How mobile phones are helping manage diabetes during Ramadan in Tunisia

By ITU News.- Muslims around the world are now participating in a month-long fast during the holy month of Ramadan. For people living with diabetes, this time can prove difficult to manage blood-sugar levels, physical activity and medical tests during the feasting and fasting periods. But an innovative mobile health initiative aims to reach users with potentially life-saving messages.

In Tunisia, the Ministry of Health in collaboration with ITU, the World Health Organization (WHO) and various partners, is working to provide assistance to diabetics in the country through the Be He@lthy, Be Mobile initiative.

The programme aims to reach as many patients and their families as possible and provide them with the information and advice they need to follow during Ramadan and afterwards through a series of daily text messages on their mobile phones.

Here is a small sample of the types of messages users could receive:

-“Diabetic diets must be maintained during Ramadan.”
-“Don’t eat a huge quantity of food all at once, and drink water throughout the evening.”
-“If fasting involves a risk to health then it is forbidden. Ask your doctor for advice.”

These targeted text messages are a powerful example of mobile technology to combat non-communicable diseases (NCDs).

This programme proved effective in Tunisia last year, with more than 20,000 citizens participating and following the advice, expressing their satisfaction and recommending it to others.


Diabetics and their families can sign up for free by sending a message to a toll free number in Tunisia: 85355.

When registration is completed, the user will receive a daily message for people living with diabetes or their families during the whole month of Ramadan and the week following. It will relate to fasting, diet, medication, physical activity, necessary tests and medical clinics.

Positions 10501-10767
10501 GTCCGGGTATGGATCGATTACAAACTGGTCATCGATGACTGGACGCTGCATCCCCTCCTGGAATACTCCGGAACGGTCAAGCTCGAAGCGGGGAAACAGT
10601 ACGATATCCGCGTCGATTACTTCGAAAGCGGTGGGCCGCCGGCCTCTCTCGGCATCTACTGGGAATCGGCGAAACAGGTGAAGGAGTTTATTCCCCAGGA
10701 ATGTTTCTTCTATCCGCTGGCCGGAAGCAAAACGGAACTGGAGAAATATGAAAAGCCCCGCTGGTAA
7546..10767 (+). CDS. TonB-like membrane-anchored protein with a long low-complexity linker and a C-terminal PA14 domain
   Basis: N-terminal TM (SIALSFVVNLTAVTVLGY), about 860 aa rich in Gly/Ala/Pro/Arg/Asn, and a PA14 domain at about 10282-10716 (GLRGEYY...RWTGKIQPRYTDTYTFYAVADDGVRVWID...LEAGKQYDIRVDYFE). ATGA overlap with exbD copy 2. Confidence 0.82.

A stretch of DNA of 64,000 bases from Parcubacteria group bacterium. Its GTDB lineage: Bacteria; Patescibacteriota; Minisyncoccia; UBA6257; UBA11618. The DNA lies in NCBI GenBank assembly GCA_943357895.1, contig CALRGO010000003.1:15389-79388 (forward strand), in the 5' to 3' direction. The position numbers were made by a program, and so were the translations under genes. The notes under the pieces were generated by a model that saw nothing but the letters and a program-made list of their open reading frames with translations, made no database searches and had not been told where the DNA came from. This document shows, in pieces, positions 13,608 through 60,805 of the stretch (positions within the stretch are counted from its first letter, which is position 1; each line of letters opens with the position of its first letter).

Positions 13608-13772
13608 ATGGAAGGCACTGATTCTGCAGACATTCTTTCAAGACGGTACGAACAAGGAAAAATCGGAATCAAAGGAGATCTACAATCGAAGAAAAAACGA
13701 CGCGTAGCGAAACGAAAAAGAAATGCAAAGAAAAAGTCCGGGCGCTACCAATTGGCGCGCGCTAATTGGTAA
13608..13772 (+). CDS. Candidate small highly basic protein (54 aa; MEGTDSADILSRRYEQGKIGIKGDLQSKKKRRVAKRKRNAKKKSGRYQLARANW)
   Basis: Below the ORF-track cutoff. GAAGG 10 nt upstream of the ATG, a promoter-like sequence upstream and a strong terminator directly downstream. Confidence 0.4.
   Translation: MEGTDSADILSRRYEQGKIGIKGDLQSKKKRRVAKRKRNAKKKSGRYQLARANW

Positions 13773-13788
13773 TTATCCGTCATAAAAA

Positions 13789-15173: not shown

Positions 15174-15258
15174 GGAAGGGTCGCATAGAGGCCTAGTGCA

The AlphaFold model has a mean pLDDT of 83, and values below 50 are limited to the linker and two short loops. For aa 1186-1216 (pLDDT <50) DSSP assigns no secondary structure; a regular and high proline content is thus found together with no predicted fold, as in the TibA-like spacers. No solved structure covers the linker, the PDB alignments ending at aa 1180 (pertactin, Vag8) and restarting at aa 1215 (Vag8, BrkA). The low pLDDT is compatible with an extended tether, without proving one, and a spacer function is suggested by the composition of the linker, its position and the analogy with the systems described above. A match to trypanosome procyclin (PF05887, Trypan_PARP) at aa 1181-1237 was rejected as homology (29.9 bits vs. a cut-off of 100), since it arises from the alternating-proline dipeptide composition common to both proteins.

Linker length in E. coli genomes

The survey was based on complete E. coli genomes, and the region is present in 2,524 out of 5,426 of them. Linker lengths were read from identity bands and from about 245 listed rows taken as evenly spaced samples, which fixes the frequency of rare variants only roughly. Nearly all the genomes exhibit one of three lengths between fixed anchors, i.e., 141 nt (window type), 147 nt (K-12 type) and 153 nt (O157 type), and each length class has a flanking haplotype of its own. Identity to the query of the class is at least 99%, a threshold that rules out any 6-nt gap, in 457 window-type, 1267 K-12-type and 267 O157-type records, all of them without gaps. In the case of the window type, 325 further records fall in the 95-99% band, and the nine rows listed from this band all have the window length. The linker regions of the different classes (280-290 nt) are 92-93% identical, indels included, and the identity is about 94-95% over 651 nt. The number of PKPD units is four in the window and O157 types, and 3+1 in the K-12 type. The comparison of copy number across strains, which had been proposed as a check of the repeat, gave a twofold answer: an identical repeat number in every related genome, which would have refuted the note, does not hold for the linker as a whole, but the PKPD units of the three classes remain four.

Given the importance of this program and its expected positive impact on public health, the Ministry of Health invites various media, civil society and all partners to support it to ensure its success.


Since 2013, ITU and WHO have been working on the Be He@lthy, Be Mobile initiative in 11 countries, using mobile technologies for the prevention and control of NCDs.

The initiative seeks to overcome major challenges associated with similar mHealth interventions, namely:

-The fact that many suffer from “pilotitis” – there are too many small-scale mHealth pilots and research studies
-These programmes are not designed for sustainability or scale
-This leads to a fragmented evidence base for future interventions

Be He@lthy, Be Mobile is unique in that was created to address these challenges and opportunities and help countries scale up national mHealth programs for NCD prevention and management. The initiative is designed to save lives and improve the world’s health through digital tools.

We use our own and third-party cookies to enable and improve your browsing experience on our website. If you go on surfing, we will consider you accepting its use.